His walking is a smooth heel-to-toe motion, while his running is still a bit awkward and stiff. He still runs into things and knocks things over because he can’t turn corners well or stop quickly. He can stand on tiptoes to see and touch things that are a little above eye level. And he climbs on anything available to reach things up higher. Although he can get up quite high, he still has difficulty getting back down. He is now able to jump up getting both feet off the ground, although he only clears the floor by about an inch.
Because your child has mastered so many physical skills, he spends much more of his time and effort in learning how things work. He is curious about everything. He wants to know what it is, what it does, and how it works. He has to try it all out for himself. He can be incredibly determined to do things by himself. He is showing more independence every day and he is beginning to see himself as an individual capable of doing what he sets his mind on doing.
He is continuing to learn about 50 new words each month. He knows more nouns than any other type of word since so much of his interest has been in cataloguing everything in his world. As his interest has shifted to what he can do with the things he can name, verbs are his next largest group of words. Adverbs like: in, out, up, and down, form the third major group of words your child uses regularly now.
His understanding that things exist even if he cannot see them has grown. Just as he uses words to express what is currently happening, he now also is able to express what happened in the past. He has been able to remember the past for a while, but now he has words to express what he remembers.
You may notice some fears appearing that he never seemed to have before. He is now able to remember the past and associate uncomfortable feelings with people or places. He may no longer like to go to the doctor’s office. Don’t make promises you can’t keep or lie about what pain he may experience. Talk about what will happen in as positive a way as possible.
Even though he knows a lot of words, he may mispronounce them so much that it is hard to know what he is saying. Most children this age pronounce “b”, “m”, and “p” clearly because they can see how the lips form these sounds. Sounds formed in the back of the mouth like, “g” and “k” may be much harder to learn. “r”, “w”, and “l” often get interchanged as do “th”, “sh”, and “ch.” Sometimes it is the order of the sounds that make certain words more difficult. Mispronunciations at this age are nothing to worry about. You will do much to help your child’s language development by reading lots of picture books and encouraging him to name all he sees. Lots of face-to-face conversations also help him see how you talk. You are his best model.
Continue to be a model of good speech. Don’t repeat his mispronunciations and don’t try to force him to say words correctly. Just model good speech and he will catch on in time.
Normal or Gifted?
Many two year olds exhibit unusually advanced skill in one area or another. They may be very far ahead of their peers physically, linguistically, or socially. At this age, however, it is difficult to know if your child is truly gifted or likes a certain skill and seems to learn it more easily than other children. Most often a child’s special talents lie in specific areas. Only in rare instances is a child gifted in everything.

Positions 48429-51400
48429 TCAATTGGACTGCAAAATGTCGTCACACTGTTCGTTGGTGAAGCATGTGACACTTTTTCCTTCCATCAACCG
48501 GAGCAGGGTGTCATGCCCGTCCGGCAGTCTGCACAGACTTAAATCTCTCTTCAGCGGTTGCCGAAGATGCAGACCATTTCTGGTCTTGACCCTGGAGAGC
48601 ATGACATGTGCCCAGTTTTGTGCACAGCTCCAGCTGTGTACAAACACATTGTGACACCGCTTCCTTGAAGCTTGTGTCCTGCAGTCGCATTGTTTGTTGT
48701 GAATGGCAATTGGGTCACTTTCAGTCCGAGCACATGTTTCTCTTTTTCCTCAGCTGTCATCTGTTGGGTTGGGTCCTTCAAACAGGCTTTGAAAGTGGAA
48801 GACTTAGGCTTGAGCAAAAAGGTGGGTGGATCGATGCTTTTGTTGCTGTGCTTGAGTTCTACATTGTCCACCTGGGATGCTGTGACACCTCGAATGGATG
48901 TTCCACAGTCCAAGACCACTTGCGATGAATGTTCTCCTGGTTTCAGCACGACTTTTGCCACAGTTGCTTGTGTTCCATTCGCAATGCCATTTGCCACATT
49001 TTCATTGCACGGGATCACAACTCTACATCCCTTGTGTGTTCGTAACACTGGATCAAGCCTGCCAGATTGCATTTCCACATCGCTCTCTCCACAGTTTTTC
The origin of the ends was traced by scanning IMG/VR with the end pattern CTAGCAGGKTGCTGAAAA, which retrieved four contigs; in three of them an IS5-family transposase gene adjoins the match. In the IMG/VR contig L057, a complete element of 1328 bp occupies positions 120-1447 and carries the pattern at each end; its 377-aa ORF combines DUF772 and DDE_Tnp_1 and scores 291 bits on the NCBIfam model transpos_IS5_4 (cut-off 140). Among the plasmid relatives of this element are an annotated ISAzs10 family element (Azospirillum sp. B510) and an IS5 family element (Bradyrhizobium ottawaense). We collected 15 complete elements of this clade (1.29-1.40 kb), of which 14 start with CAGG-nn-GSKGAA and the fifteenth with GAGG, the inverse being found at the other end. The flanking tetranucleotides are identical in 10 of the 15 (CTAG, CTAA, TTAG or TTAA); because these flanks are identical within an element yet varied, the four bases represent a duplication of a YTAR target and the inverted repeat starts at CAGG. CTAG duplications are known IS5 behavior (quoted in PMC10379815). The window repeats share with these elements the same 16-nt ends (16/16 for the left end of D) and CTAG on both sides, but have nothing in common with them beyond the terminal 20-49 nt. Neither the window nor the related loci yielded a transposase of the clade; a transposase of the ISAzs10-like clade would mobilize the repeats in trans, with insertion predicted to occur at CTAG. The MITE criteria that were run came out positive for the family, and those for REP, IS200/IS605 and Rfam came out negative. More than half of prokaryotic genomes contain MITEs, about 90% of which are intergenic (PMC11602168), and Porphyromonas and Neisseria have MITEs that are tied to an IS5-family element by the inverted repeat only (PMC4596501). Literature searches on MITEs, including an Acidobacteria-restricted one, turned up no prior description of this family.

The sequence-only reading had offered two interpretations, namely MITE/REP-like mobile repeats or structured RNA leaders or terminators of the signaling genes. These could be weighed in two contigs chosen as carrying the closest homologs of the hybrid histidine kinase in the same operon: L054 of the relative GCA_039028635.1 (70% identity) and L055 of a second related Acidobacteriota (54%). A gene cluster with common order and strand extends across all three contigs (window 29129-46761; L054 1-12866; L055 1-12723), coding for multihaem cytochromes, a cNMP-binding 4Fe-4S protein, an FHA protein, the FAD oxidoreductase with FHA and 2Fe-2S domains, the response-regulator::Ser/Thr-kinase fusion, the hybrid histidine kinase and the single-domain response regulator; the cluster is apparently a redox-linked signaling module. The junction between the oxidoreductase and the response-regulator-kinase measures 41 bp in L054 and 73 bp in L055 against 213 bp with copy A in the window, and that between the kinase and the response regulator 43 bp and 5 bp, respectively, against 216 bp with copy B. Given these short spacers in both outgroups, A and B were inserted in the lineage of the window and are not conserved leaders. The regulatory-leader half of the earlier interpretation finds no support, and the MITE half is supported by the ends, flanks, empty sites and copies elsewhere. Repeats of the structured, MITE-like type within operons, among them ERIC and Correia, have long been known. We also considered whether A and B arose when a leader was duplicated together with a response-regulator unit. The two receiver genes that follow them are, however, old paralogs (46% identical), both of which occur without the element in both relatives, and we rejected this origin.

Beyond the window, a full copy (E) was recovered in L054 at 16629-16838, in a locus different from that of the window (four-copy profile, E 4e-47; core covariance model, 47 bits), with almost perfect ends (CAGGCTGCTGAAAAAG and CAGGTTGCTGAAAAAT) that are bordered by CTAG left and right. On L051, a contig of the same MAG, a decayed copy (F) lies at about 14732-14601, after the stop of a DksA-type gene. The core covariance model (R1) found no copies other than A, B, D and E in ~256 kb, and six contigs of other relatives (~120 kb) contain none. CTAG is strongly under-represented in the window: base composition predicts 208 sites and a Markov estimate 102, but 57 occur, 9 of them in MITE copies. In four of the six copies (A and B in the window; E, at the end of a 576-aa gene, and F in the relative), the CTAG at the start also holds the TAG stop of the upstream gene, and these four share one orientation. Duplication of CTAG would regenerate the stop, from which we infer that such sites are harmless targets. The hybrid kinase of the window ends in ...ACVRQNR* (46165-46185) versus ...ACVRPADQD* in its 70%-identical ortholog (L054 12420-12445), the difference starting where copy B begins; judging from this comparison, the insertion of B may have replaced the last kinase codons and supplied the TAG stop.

Every child, whether gifted, normal, or challenged, needs exactly the same things during these preschool years. They need lots of stimulation in a wide variety of areas. They should have lots of time and attention “talking” with adults, reading books, and exposure to new people and places. They need lots of fresh air and large muscle activities. They need opportunities to practice hand-eye coordination and small muscle development along with plenty of free time to explore and play with toys.
In a safe, secure atmosphere they develop their creativity and perfect skills they are learning. This is the solid foundation you can give your child to develop his full potential whether gifted or not. “School” learning will come more easily later on if your child has this solid foundation for learning.
Don’t over use DVDs or TV. Children who watch more than two hours of TV per day have slower language development, are more prone to obesity, and have a greater frequency of attention problems. If you are going to allow your child TV time, stick to age-appropriate, commercial-free preschooler shows. Know what your child is watching, what lessons he is learning, and what images are being stored in his very susceptible mind.
Oh how embarrassing it can be for parents when their child decides to explore or play with his genitals in public! Yikes, what’s a mother to do?! First of all, know this is totally normal at this age. Remember the key word for this age is curiosity. He is exploring everything about himself. If you have begun potty training, he now has more access to his genitals than he did just a short while ago.
Secondly, he is not turning into a sex maniac. He may have discovered that touching himself causes a pleasant sensation. However, at this age, he does not have the imaginative skills necessary for a truly sexual experience. Just like sucking his thumb or twirling his hair between his fingers is calming and pleasurable, he may be self-soothing by touching himself.
So what is your best response? Distract him. Give him something else to do with his hands. A shocked expression on your face, a sharp word, or smack can increase his curiosity. He is also just stubborn enough to continue and make the event that much more uncomfortable for you.